“Sobering, Inspiring, Frightening, and Educational”: Woodwell Climate scientist talks about COP25
Woodwell scientist Wayne Walker on a panel discussion at COP25.
Woodwell Climate Research Center (formerly Woods Hole Research Center) scientist Dr. Wayne Walker attended the COP25 United Nations climate change meetings in Madrid this month, with an eye toward highlighting the climate mitigation value of tropical forests. His particular focus was on the aboveground forest carbon stored in indigenous territories and protected natural areas of the Amazon. Dr. Walker spoke at two official side events, alongside Woodwell Climate’s long-standing partners IPAM, COICA, and, FAN Bolivia.
What event was most important for you at COP25?
Wayne Walker: The COICA/Woodwell Climate co-hosted official UNFCCC Side Event titled, “Contribution of Amazon Indigenous People to Climate Protection.” The event was an opportunity to preview new Woodwell research (expected out soon) focused on the role that Amazon indigenous territories and protected natural areas—and the people living within them—have played in maintaining forest carbon intact in the face of pressures from deforestation, forest degradation, and natural disturbance.
From your perspective, what made this year’s COP unique?
Wayne Walker: The long-neglected processes of forest degradation and disturbance are receiving the level of attention they deserve where their contributions to forest carbon emissions are concerned. Improvements in tools and techniques have enhanced our ability to map and monitor these difficult-to-detect phenomenon, and a number of new studies are shining much-needed light on the problem. Unfortunately, this progress comes at a time when deforestation is on the rise across the Amazon and elsewhere. Hence, while our ability to track forest carbon emissions is increasingly comprehensive, the research is revealing a source of carbon to the atmosphere that is considerably larger than previously appreciated.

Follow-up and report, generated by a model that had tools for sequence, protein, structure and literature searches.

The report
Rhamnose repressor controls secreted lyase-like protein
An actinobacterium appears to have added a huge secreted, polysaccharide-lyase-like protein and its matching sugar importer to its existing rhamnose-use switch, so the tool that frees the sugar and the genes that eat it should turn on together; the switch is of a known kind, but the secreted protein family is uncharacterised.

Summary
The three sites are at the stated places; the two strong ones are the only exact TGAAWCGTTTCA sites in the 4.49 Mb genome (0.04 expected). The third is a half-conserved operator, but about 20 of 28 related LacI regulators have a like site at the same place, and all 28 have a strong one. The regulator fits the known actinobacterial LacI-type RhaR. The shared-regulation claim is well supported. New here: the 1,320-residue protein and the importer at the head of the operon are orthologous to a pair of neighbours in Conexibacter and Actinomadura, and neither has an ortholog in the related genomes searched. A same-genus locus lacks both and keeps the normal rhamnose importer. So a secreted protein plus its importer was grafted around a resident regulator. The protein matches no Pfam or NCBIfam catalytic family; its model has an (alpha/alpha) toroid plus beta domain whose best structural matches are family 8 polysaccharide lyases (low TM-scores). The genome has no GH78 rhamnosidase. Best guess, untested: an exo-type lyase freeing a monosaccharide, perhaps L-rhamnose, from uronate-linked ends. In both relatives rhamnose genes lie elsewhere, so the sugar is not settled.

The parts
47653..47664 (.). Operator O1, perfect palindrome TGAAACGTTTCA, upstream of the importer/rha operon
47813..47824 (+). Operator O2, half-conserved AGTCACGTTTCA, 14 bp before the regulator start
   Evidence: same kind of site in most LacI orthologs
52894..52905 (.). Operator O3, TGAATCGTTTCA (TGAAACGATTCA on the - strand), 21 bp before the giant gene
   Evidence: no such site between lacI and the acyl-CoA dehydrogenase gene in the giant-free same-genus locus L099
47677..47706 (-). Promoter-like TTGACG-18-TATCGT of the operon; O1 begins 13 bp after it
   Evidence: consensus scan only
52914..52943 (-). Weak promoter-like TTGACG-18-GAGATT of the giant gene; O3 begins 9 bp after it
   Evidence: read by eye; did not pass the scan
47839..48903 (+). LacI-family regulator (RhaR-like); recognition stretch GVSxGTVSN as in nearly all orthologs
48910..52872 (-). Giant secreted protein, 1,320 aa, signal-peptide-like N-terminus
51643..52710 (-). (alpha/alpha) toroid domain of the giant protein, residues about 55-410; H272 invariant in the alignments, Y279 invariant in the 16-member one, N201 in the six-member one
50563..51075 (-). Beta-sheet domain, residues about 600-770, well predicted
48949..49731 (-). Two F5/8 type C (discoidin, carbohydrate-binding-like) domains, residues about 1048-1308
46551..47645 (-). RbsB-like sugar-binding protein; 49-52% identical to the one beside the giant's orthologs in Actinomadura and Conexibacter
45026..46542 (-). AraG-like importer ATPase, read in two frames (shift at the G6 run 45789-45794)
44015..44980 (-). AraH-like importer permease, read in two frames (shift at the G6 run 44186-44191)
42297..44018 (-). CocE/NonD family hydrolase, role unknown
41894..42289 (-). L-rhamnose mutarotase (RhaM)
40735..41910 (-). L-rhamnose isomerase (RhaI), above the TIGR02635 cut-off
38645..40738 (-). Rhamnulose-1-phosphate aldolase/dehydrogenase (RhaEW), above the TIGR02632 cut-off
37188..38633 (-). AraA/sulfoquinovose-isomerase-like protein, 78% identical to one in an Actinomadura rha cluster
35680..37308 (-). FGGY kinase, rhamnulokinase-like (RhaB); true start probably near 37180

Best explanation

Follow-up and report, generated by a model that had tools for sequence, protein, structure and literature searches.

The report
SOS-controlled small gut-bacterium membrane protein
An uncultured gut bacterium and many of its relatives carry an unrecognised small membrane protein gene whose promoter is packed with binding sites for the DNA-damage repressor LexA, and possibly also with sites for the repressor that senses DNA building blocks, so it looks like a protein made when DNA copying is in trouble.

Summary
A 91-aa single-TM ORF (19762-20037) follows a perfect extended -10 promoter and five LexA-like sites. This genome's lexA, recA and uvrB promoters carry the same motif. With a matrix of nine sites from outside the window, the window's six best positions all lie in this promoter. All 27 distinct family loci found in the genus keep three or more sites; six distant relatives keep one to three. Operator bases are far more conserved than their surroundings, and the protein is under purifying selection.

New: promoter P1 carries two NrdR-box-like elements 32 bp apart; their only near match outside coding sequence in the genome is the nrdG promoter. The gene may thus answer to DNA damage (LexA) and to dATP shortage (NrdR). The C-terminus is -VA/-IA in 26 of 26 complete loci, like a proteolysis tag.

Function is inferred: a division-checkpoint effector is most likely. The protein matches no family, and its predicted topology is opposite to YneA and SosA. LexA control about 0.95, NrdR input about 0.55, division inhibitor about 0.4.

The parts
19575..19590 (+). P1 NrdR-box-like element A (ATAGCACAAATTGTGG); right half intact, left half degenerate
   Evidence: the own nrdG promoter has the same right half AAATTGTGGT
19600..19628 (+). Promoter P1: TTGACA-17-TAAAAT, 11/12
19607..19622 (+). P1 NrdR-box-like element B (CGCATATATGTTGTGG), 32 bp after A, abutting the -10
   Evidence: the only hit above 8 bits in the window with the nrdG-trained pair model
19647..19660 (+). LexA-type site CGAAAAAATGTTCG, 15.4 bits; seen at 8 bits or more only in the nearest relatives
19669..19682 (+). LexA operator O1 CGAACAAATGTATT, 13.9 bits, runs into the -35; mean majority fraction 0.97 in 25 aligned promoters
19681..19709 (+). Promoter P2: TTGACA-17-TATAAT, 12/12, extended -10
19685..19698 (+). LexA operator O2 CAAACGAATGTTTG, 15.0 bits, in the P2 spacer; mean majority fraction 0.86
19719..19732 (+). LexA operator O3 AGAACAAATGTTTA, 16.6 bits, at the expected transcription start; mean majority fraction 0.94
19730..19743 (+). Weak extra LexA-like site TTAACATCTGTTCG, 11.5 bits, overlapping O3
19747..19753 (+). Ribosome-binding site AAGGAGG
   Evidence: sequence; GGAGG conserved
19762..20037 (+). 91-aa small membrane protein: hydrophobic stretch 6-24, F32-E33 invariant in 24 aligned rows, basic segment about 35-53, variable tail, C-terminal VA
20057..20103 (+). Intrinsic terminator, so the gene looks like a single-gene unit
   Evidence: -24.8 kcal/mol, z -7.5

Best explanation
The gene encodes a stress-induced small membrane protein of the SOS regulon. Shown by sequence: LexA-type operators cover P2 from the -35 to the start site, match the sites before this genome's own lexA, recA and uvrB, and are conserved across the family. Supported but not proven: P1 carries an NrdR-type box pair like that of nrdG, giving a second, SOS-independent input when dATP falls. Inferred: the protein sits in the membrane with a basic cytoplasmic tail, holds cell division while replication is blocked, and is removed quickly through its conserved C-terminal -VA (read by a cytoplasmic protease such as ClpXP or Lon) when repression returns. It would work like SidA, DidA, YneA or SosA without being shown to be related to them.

Why is COP an important event?
Wayne Walker: Despite the slow pace of international climate negotiations, this annual event remains the largest “meeting of the minds” on climate change, spanning the broad range of stakeholders and interests. Any given day can be at the same time sobering, inspiring, frightening, and educational. Overall, it continues to be an excellent opportunity to gain key insights on how [Woodwell Climate]’s science can be best applied for maximum impact on the climate crisis.
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